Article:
Politics, God and Religion vs. Science

Search
Go

Discussion Topic

Return to Forum List
Post a Reply
Messages 14741 - 14760 of total 22396 in this topic << First  |  < Previous  |  Show All  |  Next >  |  Last >>
Largo

Sport climber
The Big Wide Open Face
Jun 15, 2013 - 09:49pm PT
that beliefs influence consciousness and what we do, if I even paraphrased JL correct
-


I never said that beliefs don't influence consciousness, though I would have used the word "behavior," which is radially shaped by our beliefs. Trying to live in a way that is not driven by beliefs is feared by most who feel
we will revert to animistic and pre-caveman depravity. The fundamental nature of being sentient might not change much by what we believe, but those beliefs are huge factors in our lives, pro and con.

I'd be intgerested in hearing how you might define consciousness.

JL
MikeL

climber
SANTA CLARA, CA
Jun 15, 2013 - 10:45pm PT
Many people who fervently believe in what you or I might consider outlandish things are nonetheless decent, good people, . . . .

And everything that they know and believe could be right, and all that for you could be wrong. You have no way of knowing other than experience, and the experience you have is greatly limited.

Can you prove that "You are" without a scintilla of a doubt?

I can prove it to myself. There is No doubt. I imagine that everyone hear can prove it to themselves without any effort. It's the only thing that is self-obvious. (Perhaps you did not see my posting of Descartes' writing on the subject up-thread? His writing is very clear, and his argument inescapable.)
BLUEBLOCR

Social climber
joshua tree
Jun 15, 2013 - 10:50pm PT

I'd be intgerested in hearing how you might define consciousness.

The 64 million dallor question. I'd begin with we have our self conscious. Then we have our social conscious. In my self conscious there seems to be a ping-pong match going on between what I know is true, and how I want to use that to predict what kind of emotional outcome I'd wish to recieve. Now you could say this is all happening in my head. But if you listen to ur conscious close enough. You'll hear the arguement going on between the logical, correct path to take from the brain, and the spiritual path that makes you feel good. This decessionmaker is what I feel like is my conscious.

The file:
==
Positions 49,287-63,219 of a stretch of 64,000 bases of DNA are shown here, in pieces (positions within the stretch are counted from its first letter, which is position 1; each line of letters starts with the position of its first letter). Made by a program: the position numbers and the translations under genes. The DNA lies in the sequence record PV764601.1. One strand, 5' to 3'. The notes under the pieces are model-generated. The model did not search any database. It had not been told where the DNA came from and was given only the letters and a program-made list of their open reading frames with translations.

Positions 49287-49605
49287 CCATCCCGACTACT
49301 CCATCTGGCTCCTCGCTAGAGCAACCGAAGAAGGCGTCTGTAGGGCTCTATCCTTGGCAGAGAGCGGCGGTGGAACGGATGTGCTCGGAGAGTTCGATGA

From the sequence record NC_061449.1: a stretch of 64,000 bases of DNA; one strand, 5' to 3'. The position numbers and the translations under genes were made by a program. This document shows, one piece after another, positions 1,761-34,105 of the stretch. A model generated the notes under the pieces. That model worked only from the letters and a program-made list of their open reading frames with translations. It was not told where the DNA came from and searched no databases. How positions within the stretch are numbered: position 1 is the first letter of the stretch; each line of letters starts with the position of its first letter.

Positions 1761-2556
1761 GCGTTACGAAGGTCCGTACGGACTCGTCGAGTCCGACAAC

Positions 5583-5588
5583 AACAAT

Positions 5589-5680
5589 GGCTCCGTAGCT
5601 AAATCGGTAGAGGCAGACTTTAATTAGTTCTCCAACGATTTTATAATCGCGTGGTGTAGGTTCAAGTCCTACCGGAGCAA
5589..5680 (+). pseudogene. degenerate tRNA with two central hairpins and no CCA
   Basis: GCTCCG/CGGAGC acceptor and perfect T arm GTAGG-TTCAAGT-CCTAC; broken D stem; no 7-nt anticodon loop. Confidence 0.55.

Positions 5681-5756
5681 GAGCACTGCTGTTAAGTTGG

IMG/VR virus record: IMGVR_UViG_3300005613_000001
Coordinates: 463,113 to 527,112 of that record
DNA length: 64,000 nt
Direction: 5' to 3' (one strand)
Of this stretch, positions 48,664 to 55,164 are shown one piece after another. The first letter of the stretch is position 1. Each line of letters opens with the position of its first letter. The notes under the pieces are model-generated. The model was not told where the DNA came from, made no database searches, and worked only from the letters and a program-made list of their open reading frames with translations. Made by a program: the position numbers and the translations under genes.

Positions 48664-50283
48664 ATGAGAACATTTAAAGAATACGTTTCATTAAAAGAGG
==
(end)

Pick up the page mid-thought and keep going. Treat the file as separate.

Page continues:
MH2

climber
Jun 15, 2013 - 10:59pm PT
I can prove it to myself. There is No doubt. I imagine that everyone hear can prove it to themselves without any effort. It's the only thing that is self-obvious.


I was hoping that you had a proof. What you are talking about is more in the nature of an axiom. You take it to be self-evident. It is not a proof. There is more than a scintilla of a doubt as to its truth if you can only prove it to yourself! Please show your work.
Jim Brennan

Trad climber
Vancouver Canada
Jun 15, 2013 - 11:08pm PT
Subjectively, you can declare yourself anything that you think you are.

If you get crushed by a rock, what is your perspective on self and the nature of change, after being treated in such an objective manner ?

MH2

climber
Jun 15, 2013 - 11:12pm PT
I rock, therefore I am.




Wait a minute...


What is this "I" that I am talking about? It seems to precede the rock. If it came before the rock, why do I need the rock to demonstrate that I am?
Malemute

Ice climber
the ghost
Jun 15, 2013 - 11:49pm PT
bibo ergo sum

I drink, therefore I am.
BLUEBLOCR

Social climber
joshua tree